April 13, 2022


MARY GEARIN, HOST: We're joined now by Mark Butler, the Shadow Minister for Health and Ageing. Thank you very much for joining me. 


GEARIN: Is it a reheated old Rudd policy?

BUTLER: I don't think Greg has read it very closely because what we've clearly said is this is not a program to build a series of new clinics. This is a program to tap into the existing GP practice network and in some cases, maybe community health centres, which are well known to people in Victoria, and use their skills, use their resources, to deliver this enhanced urgent care Service. So we're not building a series of new clinics, we're going to provide resources to existing GP practices, who want to take their practice to the next level and provide this really important level of what I described as intermediate care, something between your standard GP practice on the one hand, and your typical hospital emergency department on the other. 

This is a model that works really well in countries overseas, New Zealand is probably the best practice example. As a result of having this urgent care service available to people who don't then need to go to hospital. Their level of emergency department presentation is the lowest in the developed world, which obviously has a whole lot of benefits for the system.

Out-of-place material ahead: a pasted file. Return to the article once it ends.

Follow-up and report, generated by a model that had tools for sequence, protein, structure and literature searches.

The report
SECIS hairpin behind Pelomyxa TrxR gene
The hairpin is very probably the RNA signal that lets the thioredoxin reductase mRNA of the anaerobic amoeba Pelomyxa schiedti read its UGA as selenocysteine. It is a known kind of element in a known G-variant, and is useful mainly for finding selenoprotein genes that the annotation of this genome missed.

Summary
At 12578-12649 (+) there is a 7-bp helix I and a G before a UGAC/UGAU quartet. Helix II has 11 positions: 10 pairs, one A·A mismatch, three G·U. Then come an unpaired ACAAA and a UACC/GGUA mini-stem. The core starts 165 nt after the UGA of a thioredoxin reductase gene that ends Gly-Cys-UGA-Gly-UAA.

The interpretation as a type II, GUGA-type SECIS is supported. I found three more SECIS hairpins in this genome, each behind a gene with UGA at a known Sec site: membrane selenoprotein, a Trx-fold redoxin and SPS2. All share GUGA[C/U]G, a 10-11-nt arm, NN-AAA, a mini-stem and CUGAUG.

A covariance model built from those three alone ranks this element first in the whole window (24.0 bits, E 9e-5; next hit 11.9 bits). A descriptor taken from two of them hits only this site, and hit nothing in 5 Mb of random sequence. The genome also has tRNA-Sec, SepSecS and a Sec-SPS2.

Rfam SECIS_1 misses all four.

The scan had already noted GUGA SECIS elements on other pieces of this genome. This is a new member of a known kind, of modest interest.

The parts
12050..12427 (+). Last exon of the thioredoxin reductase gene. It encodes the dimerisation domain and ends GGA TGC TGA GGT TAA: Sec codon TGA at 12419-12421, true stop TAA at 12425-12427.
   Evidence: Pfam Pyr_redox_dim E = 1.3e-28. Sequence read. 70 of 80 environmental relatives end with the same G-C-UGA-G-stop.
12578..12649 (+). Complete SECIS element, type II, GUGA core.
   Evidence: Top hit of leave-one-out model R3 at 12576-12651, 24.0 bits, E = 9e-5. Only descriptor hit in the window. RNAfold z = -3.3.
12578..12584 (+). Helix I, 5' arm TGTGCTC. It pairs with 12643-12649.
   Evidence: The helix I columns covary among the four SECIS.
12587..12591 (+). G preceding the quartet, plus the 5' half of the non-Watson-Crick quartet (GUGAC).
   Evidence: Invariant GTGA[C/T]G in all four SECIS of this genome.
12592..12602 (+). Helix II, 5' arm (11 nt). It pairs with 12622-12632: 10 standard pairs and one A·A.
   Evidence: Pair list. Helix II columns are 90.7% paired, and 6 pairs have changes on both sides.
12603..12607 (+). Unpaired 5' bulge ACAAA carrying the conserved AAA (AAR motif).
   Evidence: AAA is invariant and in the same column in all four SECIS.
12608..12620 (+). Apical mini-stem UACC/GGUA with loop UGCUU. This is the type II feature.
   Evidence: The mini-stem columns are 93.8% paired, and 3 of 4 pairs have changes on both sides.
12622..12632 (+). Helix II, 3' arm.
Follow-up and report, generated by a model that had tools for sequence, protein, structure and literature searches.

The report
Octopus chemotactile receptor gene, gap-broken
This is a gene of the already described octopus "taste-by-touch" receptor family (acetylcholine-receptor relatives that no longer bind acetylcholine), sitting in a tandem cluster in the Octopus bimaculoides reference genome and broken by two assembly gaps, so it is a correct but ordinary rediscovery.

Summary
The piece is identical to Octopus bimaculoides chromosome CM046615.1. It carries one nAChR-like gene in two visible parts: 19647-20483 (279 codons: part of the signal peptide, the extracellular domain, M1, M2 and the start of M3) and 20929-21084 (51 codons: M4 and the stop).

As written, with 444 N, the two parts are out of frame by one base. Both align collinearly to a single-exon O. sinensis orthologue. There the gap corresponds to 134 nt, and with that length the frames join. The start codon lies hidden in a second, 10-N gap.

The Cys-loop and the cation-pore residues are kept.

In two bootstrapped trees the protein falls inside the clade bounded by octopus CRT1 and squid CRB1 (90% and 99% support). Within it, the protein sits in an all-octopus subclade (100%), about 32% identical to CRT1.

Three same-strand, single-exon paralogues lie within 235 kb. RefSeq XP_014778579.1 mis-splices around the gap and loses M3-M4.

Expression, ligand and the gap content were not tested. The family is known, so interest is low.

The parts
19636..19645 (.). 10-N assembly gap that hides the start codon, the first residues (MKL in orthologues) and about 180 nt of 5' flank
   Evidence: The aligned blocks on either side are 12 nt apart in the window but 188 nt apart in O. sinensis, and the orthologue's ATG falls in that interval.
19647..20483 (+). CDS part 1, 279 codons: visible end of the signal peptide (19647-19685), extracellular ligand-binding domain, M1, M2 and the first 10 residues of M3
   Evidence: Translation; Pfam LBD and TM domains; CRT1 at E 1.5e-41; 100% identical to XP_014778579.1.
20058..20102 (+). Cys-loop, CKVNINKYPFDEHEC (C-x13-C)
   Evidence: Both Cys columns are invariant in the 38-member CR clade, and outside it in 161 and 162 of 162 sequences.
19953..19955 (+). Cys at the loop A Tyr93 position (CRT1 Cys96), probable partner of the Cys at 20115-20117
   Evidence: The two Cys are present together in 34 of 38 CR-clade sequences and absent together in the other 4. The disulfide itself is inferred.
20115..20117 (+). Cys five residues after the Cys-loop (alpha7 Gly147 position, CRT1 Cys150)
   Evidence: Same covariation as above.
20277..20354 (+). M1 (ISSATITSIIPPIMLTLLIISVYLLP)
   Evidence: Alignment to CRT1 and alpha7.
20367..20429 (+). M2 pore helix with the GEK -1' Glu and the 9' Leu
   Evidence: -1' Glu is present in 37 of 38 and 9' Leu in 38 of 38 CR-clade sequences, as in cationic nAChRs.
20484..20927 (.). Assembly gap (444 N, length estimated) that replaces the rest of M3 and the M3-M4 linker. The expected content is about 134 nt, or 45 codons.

GEARIN: There was some analysis today from Dr Stephen Duckett, who's a former Health Department Secretary, he’s an economist, and he said, yes, there is some evidence from New Zealand that urgent care clinics like this do reduce emergency department presentations, but it's not going to fix the entire problem. He says the issue for emergency departments is it's not just these patients who are taking up beds. The AMA has said that this policy only tinkers around the edges. Does this go far enough as a health solution?

BUTLER: I don’t pretend any single solution is going to deal with the enormous pressure on our hospital system. We know across the country, just how overburdened our hospitals are at the moment. In many ways our local emergency departments are the lightning rod for every other failing in the health system. It's never been harder to see a GP than it is right now. It's never been more expensive because of ten years of cuts and neglect to Medicare.

GEARIN: Pardon me for interrupting, will you give the hospital system more funding too?